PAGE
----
Mystery House

I went to visit a cousin recently who has quite a few family albums in their possession which I’ve been really eager to look through. In them there were hundreds of old photos, while most were labelled and named a few were not.

The ones that stood out to me were some hunting photos in front of a stately home. Where photographs of people are hard if not impossible to identify, I thought surely I could find this house.

So I started by asking relatives who still live in the area is they had any ideas of where this house could be from, most likely it was in Kent but there is a slight possibility the house was from Devon where that side of the family originated.

Having no luck with members of the family I decided to just try some searches online. I started with Lost Houses of Kent, while scrolling through the many photographs I was amazed by how many houses in Kent we have lost, and in the country.

Half way down the search I found it, Calehill House of Little Chart, Kent which was demolished in 1952.

Calehill House, Little Chart, Kent Hunt
Photograph found in the family photo album

Calehill was first mentioned in AD 839 when it was presented to the Monks of Canterbury. The estate belonged to the Sir William Darell and his family from 1410 until the 20th century. Over the years there have been three houses known as Calehill, The first house was built by Sir John Darell who died in 1438. The ruins are just south-east of current house, it is stone rubble which includes a 15th century window.

The house from the photograph was built in 1740 by Philip Darell to the south east, the house was demolished in 1953 after it was considered too badly damaged from being used in the Second World War. However one of the side wings still survives as it houses the chapel which as a consecrated building could not be destroyed.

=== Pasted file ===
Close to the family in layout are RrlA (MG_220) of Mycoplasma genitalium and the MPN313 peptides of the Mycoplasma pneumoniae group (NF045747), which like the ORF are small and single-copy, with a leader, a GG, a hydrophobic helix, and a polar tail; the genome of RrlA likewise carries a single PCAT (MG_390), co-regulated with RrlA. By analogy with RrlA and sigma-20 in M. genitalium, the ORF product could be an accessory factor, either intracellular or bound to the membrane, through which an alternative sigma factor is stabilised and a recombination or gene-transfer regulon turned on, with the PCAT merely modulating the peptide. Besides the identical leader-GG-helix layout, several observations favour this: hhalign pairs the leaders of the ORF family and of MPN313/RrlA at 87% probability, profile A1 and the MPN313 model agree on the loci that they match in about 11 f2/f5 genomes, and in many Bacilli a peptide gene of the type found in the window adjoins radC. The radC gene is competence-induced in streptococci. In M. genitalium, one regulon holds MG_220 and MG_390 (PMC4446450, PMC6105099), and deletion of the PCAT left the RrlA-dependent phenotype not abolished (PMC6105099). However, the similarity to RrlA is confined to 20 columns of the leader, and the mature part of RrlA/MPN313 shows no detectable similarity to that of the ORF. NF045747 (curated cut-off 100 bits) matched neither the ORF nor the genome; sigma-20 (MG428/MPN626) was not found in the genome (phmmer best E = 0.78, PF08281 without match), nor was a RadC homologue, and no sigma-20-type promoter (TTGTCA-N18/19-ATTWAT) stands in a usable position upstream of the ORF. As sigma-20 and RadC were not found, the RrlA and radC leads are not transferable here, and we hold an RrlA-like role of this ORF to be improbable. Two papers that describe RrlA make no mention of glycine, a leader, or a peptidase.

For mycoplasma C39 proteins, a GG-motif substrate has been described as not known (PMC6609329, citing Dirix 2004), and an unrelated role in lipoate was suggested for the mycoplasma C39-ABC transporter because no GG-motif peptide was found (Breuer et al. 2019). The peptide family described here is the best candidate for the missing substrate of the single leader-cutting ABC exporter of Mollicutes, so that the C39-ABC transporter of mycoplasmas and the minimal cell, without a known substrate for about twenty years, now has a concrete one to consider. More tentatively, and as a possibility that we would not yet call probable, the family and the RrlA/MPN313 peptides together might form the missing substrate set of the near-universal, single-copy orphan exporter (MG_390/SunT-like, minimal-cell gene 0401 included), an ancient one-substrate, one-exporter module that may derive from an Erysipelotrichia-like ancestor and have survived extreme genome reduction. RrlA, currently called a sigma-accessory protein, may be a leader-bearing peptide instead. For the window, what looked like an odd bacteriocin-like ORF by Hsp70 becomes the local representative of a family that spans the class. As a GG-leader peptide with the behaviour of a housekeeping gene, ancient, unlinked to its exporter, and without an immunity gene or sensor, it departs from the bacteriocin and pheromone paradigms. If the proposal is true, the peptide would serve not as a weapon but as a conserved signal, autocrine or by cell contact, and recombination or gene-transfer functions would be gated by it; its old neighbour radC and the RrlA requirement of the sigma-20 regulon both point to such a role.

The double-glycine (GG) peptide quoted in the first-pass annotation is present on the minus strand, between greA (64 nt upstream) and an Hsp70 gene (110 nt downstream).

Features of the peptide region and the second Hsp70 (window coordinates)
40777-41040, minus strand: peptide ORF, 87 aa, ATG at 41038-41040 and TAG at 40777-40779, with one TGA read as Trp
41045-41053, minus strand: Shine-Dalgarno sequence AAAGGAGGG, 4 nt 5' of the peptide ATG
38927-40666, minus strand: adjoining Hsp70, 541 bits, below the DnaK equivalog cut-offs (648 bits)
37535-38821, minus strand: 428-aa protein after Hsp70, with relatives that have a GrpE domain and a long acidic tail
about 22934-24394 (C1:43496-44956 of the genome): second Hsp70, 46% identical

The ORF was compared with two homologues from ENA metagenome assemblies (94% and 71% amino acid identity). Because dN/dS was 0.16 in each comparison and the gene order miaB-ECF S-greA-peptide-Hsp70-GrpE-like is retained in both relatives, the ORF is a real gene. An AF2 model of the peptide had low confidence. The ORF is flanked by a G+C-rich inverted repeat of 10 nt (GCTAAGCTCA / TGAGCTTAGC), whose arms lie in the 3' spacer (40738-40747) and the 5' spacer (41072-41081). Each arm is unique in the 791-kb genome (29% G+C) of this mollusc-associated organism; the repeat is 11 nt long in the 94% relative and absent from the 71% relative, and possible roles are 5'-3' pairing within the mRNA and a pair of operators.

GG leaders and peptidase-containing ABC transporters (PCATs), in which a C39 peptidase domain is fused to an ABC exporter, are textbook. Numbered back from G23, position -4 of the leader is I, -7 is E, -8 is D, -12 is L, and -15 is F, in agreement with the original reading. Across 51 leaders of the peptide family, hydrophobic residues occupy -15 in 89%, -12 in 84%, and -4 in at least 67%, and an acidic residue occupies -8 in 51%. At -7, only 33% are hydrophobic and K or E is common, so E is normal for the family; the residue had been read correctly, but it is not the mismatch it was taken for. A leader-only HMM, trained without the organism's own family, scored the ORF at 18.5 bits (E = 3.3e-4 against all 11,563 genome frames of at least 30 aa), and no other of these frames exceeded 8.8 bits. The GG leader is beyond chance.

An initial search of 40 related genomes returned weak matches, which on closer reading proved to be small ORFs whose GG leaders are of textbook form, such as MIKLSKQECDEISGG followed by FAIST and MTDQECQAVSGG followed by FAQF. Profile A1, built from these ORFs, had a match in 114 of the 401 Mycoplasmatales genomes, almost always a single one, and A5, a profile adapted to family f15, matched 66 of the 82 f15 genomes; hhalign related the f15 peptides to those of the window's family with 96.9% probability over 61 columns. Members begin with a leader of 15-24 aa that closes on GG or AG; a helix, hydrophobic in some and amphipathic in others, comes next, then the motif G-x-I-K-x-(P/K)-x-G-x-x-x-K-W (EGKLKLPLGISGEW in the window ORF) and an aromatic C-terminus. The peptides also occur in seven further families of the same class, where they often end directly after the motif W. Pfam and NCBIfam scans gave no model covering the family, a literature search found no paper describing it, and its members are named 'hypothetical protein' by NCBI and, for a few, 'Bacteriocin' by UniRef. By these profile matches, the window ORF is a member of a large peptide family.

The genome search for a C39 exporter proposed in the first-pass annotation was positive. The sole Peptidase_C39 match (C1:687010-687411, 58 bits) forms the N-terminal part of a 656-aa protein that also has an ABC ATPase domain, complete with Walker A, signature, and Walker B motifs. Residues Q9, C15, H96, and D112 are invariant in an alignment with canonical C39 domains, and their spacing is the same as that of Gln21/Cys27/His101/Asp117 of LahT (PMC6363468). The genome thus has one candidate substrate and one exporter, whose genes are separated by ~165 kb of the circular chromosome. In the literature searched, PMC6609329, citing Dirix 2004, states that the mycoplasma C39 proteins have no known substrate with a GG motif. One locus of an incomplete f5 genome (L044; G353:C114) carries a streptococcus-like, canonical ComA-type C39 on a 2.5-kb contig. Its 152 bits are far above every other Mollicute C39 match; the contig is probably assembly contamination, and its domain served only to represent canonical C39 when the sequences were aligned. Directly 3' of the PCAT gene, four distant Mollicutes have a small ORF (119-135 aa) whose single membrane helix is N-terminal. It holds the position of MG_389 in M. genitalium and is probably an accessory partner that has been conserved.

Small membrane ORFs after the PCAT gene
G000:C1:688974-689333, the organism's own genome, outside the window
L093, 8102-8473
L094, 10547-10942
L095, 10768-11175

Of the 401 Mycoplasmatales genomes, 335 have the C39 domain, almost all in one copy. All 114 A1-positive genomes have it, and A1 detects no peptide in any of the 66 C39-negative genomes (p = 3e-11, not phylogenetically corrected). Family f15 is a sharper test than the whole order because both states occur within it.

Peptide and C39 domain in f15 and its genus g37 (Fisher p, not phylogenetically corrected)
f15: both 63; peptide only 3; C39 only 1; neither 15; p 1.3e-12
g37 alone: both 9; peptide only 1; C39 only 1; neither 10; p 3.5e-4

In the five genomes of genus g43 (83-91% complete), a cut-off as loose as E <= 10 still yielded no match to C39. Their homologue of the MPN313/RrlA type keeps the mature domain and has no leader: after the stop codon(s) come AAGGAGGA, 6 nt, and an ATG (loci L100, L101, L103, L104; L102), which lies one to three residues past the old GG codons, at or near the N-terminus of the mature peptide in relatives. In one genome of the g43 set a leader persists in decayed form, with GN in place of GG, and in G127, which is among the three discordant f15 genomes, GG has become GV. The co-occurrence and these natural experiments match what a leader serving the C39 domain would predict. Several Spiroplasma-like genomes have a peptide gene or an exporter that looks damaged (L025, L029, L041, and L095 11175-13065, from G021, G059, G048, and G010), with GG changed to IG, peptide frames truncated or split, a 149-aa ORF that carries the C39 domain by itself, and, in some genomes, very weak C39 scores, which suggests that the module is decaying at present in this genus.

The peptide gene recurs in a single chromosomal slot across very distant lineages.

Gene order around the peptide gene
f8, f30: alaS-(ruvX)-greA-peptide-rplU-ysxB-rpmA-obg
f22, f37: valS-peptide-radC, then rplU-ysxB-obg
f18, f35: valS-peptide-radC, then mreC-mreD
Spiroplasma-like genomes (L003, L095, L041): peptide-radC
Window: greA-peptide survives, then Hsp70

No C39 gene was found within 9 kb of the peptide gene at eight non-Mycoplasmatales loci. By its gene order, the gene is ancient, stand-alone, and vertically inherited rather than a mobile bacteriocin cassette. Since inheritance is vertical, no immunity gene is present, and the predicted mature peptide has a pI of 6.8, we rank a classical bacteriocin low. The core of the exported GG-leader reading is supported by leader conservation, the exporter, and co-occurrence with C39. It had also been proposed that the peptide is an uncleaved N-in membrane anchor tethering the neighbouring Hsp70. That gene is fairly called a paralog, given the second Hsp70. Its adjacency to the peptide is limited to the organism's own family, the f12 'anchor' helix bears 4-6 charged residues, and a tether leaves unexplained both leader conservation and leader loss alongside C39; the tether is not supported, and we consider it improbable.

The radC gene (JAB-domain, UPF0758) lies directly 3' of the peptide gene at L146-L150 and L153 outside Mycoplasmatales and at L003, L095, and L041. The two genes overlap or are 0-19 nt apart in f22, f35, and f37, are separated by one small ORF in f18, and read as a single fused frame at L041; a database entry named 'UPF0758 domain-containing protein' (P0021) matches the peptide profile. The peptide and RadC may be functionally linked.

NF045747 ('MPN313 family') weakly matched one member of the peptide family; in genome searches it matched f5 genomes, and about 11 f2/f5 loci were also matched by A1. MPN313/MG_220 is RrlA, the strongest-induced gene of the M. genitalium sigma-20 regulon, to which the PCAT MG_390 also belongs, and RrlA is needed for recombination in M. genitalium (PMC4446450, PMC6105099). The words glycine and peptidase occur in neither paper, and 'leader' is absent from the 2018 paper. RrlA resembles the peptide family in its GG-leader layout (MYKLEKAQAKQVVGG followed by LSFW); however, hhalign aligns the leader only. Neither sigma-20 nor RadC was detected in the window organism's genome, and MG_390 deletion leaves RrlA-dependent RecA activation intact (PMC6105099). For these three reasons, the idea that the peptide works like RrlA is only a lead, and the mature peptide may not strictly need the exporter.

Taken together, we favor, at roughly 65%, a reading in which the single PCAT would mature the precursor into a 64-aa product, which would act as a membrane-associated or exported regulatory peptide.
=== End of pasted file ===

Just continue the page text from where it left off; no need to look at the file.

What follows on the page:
Before the house was demolished the whole estate was sold off at auction on 1st July 1952 at The Saracen’s Head Hotel, Ashford Kent. The estate was auctioned by Messers Knight, Frank & Rutley, Hubert F Finn-Kelcey and amalgamated by King & Ashenden.

The Auction Catalogue lists details and some photographs of the estate. There was a total of 54 lots being sold ranging from the mansion house to small cottages, the whole extending to about 1,433 acres.

Described in the catalogue “The Georgian mansion is of imposing elevation with two bell turrets and is built in mellowed brick with slated roof. It was erected in 1740. A wide terrace with stone balustrading and steps lead to the columned Porch of the Main Entrance.” the house accommodation is listed after which includes a Music Room, Snuff-Bottle Room, Chinese Room, The Armour Hall, The Library and a Chapel on the ground floor. Upstairs there are eleven bedrooms across two floors.

There is also staff accommodation, with three men’s bedrooms and a bathroom with W.C on the first floor. In the first floor wing there are ten maids’ bedrooms with a bathroom with W.C.